To a Sweep of the Sox!

Who knew Jeff Daniels could sing, play guitar and write a song to the Tigers?

It's an old one, but hey, you guys never told me about it!
Enjoy, and may we be one game ahead of the Sox Sunday night!

Leyland has to go

Jim is certainly very knowledgable about the game, but he seems to have lost his ability to motivatthe Boys!  If he put as much into motivating the whole team as he did  to helping Ryan Rayburn and Don Kelly - we would be in first place. I am not counting the Tigers out, but i do believe that Jim has to go - win or lose.  Terry Francona?  Kirk Gibson?  I believe over half the job is motivating.  Look at what Ventrua has done in Chicago.
Come on Tigers - fire up!

We win, the Sox win. We lose the Sox lose

We can not gather any monumentum to gain on the Sox.  They got their butts kicked yesterday.  Our Ace, Justin Verlander, has not been as effective lately -as was evidenced yesterday.  Lost 9-8 on a controversial 9th inning call on a home run.  If we want to win the division, we have to win more often - duh!!

The Greatest Tiger - Part II

And so we continue our tour of Tiger greatness...on to the Oldies!

George Kell

It's easy for us "kids" to confuse the great broadcaster from the Hall of Fame Thirdbaseman and hitter, George Kell. But let us refresh our memory about the later. 

Kell the ball player was definitely a great, with a total career average of .306, with seven consecutive All-Star appearances as a Tiger. In 1949 he beat out the great Ted Williams for the batting title with a .3429 average (the extra digit is important, as the Splendid Splinter hit .3427.)

Interestingly, like many of today's players, Kell did not play his entire career as a Tiger; he was also with Philadelphia, Boston, Chicago and Baltimore. But he did seem to have his best years with the old English D on his head.  

Hal Newhouser

Verlander might be the greatest righthander in Tiger history, but I'd vote for Newhouser as the greatest lefty. A seven time All-Star, twice MVP (the only pitcher named MVP in consecutive years, and barely missed a third being beaten out by Ted Williams.)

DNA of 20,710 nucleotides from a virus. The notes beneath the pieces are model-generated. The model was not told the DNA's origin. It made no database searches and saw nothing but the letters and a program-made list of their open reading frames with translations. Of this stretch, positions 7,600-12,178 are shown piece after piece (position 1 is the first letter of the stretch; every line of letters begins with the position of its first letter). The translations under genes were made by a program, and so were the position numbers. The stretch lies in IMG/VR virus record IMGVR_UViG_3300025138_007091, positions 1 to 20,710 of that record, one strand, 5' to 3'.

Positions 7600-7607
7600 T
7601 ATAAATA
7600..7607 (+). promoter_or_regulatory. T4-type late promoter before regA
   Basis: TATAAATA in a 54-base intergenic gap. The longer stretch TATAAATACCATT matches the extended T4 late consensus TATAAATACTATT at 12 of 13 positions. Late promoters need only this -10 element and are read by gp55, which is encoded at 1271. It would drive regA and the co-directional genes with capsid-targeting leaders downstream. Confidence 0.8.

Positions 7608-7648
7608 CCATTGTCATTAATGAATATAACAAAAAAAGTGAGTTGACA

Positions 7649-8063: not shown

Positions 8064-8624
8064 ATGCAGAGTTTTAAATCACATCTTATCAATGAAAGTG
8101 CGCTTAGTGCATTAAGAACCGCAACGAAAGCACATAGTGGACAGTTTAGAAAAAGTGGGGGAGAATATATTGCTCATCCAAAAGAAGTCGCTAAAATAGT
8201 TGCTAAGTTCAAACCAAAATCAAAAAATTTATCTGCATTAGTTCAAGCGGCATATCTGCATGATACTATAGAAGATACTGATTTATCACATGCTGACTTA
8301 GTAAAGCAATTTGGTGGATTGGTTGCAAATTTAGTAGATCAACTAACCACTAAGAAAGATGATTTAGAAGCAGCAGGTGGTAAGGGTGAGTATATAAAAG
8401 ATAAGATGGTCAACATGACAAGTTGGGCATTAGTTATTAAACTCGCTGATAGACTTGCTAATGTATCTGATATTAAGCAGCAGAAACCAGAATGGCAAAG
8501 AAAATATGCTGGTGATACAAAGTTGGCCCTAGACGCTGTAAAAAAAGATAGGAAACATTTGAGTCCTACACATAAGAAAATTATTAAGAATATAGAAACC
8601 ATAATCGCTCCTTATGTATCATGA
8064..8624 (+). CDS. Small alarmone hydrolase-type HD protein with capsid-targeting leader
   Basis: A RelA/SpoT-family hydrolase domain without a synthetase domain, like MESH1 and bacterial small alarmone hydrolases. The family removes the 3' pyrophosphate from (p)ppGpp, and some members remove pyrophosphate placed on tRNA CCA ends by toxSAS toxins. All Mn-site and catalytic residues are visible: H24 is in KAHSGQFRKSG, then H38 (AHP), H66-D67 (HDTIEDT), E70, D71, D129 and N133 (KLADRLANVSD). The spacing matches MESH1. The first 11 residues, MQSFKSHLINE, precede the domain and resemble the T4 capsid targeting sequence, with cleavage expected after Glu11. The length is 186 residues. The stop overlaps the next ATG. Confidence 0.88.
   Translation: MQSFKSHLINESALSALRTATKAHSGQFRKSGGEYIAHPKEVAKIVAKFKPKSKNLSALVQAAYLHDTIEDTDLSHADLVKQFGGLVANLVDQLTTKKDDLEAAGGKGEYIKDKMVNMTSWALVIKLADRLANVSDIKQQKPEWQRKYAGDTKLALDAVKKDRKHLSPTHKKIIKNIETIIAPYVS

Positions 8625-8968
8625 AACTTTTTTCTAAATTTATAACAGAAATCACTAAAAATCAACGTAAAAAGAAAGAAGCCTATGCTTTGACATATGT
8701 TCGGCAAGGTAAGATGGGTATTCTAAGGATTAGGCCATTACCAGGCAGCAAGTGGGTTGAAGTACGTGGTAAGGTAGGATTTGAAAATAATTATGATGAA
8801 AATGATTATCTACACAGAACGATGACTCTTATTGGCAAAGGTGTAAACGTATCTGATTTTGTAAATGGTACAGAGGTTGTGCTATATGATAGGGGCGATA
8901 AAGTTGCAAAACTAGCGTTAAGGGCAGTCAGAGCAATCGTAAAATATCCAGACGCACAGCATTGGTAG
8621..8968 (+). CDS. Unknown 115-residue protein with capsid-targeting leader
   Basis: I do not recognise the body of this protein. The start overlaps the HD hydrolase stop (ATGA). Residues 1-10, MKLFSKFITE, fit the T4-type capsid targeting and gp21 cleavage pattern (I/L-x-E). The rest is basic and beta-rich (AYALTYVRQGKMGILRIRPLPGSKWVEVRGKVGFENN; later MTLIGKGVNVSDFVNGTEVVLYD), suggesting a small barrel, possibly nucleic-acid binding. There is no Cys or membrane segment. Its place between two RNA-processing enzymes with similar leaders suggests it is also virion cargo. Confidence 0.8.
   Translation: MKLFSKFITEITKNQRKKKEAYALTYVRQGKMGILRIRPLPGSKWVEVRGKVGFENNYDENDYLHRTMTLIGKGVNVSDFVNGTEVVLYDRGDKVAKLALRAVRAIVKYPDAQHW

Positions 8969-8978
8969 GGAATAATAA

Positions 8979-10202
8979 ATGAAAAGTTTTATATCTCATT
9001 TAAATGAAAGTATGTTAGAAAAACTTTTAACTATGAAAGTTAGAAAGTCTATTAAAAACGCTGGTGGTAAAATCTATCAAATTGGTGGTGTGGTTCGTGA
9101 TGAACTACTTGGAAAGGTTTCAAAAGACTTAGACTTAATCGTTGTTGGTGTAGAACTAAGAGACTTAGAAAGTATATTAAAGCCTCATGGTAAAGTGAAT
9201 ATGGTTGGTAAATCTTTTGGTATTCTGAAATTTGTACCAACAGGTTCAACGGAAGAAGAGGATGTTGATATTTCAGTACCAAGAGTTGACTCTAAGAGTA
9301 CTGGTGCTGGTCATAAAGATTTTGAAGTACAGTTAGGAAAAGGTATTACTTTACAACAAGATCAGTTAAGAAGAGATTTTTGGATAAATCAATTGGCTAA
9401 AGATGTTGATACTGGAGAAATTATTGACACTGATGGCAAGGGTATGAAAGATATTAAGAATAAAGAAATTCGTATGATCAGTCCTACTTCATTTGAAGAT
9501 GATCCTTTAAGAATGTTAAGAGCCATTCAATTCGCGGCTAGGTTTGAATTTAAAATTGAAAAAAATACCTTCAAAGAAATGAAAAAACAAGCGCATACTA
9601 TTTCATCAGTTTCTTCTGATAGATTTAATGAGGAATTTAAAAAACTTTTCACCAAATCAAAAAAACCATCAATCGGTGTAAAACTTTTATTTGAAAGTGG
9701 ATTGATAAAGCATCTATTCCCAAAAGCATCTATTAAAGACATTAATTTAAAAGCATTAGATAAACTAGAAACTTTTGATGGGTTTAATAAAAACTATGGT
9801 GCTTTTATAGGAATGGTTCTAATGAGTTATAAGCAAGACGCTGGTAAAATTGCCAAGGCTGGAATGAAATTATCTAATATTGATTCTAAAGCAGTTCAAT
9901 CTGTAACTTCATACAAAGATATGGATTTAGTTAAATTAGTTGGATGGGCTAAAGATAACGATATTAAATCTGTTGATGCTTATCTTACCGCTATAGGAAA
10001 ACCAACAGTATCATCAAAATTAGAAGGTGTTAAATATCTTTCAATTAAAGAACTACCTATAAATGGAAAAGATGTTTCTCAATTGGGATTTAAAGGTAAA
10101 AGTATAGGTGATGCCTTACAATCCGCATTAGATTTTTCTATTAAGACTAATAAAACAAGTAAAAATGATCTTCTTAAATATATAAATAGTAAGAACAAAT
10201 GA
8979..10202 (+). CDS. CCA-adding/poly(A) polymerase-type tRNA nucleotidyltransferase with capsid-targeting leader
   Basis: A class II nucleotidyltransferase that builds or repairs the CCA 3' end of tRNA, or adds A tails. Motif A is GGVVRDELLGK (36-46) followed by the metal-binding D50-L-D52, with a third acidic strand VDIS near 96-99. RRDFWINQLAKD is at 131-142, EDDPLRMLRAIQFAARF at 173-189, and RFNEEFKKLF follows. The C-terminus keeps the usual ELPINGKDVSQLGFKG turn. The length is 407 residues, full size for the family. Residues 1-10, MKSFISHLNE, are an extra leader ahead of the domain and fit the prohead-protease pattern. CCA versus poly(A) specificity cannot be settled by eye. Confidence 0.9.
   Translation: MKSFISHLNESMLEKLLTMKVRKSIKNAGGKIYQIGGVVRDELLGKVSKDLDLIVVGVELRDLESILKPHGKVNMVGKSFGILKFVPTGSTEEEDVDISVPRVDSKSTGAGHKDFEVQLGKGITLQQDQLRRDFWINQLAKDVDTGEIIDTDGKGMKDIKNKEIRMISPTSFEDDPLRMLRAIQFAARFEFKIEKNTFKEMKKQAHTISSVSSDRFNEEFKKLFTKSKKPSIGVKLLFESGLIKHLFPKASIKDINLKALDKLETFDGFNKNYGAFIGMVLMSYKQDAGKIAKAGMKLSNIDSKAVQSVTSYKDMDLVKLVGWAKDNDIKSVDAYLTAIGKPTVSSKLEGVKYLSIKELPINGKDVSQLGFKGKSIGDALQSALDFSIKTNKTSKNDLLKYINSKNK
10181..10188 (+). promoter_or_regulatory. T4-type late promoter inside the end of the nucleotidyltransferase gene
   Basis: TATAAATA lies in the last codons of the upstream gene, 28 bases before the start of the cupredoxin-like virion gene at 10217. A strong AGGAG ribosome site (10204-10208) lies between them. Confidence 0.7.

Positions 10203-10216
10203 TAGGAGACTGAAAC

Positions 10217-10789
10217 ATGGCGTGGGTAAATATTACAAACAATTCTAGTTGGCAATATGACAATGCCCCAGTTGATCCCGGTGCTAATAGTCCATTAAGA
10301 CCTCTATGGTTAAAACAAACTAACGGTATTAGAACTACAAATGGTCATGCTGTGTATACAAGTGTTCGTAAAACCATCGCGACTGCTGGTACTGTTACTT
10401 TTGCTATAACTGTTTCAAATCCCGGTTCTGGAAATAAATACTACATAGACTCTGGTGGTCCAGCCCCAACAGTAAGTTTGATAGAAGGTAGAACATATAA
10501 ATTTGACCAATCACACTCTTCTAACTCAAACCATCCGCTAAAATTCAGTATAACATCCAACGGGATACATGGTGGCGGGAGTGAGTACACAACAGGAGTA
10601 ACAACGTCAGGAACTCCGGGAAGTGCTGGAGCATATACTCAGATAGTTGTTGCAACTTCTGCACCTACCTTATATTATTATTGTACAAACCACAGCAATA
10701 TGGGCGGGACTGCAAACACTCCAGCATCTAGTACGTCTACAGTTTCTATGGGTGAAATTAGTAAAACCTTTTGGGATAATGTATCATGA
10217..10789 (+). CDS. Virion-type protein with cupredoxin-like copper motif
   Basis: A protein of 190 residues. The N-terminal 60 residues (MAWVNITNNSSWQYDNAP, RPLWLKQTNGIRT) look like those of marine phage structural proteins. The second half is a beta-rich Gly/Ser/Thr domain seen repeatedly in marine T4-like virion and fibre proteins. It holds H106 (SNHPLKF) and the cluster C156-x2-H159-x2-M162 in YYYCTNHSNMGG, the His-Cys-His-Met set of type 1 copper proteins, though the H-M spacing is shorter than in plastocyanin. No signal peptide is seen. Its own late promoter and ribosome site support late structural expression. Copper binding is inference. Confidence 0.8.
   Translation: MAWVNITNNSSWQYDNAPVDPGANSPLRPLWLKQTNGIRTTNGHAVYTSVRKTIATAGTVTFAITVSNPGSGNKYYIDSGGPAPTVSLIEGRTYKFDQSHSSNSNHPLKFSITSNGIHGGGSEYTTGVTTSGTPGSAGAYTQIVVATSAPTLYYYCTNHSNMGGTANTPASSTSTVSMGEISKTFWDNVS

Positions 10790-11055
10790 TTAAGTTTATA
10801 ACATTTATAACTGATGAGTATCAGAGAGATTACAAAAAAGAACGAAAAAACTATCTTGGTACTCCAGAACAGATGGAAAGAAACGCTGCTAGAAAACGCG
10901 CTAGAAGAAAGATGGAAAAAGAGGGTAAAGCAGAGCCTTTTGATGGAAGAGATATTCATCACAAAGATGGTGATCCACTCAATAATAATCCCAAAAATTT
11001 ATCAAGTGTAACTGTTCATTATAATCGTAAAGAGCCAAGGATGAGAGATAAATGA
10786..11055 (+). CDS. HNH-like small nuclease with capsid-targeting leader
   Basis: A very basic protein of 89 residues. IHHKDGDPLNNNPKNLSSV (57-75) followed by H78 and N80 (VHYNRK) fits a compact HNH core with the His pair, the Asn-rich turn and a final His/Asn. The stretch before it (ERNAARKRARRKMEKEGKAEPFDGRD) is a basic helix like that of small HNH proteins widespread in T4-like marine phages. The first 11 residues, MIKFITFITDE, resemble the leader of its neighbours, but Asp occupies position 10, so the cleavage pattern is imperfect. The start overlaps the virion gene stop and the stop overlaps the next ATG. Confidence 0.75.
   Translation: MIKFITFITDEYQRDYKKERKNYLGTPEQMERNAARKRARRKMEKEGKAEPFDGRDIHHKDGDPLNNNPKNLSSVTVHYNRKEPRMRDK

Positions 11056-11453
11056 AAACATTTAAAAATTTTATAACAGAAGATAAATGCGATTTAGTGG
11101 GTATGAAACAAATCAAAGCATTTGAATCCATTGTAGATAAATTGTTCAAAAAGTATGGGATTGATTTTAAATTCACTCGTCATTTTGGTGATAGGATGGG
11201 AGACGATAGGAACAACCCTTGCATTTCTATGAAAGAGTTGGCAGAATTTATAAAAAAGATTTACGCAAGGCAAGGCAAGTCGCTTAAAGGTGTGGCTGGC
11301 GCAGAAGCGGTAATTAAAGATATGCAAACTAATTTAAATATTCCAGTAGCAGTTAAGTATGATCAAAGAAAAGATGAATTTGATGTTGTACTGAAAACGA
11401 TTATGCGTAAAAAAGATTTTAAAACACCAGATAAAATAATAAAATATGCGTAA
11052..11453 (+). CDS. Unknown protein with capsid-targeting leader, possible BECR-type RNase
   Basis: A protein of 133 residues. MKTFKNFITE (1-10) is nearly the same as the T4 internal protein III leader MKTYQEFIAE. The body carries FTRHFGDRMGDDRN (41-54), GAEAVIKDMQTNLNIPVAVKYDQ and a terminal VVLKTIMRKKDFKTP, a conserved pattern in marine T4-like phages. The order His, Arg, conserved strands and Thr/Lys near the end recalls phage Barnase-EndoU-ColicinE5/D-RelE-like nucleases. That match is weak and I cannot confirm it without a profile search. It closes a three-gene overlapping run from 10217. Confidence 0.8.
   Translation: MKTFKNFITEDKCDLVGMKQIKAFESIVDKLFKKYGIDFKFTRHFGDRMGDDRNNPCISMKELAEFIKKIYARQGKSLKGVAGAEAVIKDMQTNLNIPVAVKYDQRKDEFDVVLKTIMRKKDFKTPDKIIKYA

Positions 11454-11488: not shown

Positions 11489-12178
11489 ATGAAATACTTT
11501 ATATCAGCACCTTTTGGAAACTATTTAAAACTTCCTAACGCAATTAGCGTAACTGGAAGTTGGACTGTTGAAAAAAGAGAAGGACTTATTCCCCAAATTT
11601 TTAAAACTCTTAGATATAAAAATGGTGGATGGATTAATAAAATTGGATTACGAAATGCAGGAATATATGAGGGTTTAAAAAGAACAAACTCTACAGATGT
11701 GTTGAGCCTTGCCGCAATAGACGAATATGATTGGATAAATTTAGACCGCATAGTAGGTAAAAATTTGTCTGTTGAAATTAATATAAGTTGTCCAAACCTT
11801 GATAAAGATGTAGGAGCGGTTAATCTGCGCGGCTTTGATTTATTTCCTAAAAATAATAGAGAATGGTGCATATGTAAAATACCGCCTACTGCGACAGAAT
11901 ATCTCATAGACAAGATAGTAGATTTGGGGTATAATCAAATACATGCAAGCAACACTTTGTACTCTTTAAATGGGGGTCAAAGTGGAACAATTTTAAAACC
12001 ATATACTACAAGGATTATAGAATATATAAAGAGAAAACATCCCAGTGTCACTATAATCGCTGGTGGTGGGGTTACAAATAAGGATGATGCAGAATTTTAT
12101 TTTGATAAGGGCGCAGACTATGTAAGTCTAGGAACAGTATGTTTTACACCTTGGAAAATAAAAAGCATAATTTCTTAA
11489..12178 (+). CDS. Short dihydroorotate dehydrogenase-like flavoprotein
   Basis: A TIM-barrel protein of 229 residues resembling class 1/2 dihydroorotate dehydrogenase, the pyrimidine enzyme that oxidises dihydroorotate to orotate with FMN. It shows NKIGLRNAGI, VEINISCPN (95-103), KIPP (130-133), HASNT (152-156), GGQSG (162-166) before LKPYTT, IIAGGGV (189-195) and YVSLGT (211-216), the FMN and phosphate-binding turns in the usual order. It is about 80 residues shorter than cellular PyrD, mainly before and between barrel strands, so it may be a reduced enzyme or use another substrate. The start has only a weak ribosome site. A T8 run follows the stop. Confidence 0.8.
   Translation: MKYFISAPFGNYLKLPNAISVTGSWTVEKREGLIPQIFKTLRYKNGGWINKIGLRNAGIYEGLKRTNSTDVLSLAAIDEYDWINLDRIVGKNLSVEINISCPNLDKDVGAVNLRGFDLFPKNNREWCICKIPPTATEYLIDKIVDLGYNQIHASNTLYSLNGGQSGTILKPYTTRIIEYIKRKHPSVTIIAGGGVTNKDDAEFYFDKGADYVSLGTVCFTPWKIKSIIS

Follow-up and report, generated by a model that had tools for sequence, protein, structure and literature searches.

Drafted right out of Detroit's Wilbur Wright High School, "Prince Hal" joined the Tigers a year later. Frankly, he stunk the joint out his first two years, giving up more walks the K's. But by the end of his illustrious career, his ERA stood at an awesome 3.06.

In 1944 he won 29 games, struck out 187 and posted a 2.22 ERA. He came back in 1945 to do almost as well, and even pitched four innings in relief in the last game of the season to help the Bengals win the pennant, and eventually the Series.

Do we still think Verlander was the greatest Tiger pitcher? Wouldn't it be something to have a rotation with both of these guys?

Alas, if there is any criticism to be made of Newhouser's stats, it must be noted that his greatest years were when MLB was thinned by WWII, and he didn't have to face the likes of Ted Williams. (To be fair, it must be noted that he tried several times to enlist, but was deferred due to a leaky heart valve.)
Hank Greenberg

"Hammerin' Hank" was one of the greatest home run hitters of the post-Ruthian era, nailing 58 dingers in 1938, and 331 over his illustrious career. His career average was .313, and only Lou Gehrig eclipses his season RBI mark for a left-hander to this day!

Five time All-Star, twice MVP, he was also the first Jewish superstar, refusing to play on Yom Kippur, although he was not a practicing Jew.

One big footnote on his career stats must be that he, like many of his era, gave up more than three years of his career to service in WWII.  

Interestingly, he was the first ballplayer to make more than $100,000.

(If you haven't seen it yet, catch the DVD of the movie "Greenberg." )

Charlie Gehringer

Easily overlooked because he was quiet and didn't hit with power, Charlie Gehringer was certainly one of the greatest Tigers.

We all recall how beautiful it was to watch Whitaker and Trammel, but our fathers were just as spellbound with Gehringer and Rogell at second and short respectively.

For 19 years he was known as "The Mechanical Man" at second, hitting .320 over his career, and getting 200 hits or more seven season, a feat matched only by Willie Mays!

Second highest assists for a second baseman all-time, an MVP and a batting title to his credit, the guy was amazing. He had two consecutive streaks of more than 500 consecutive games played.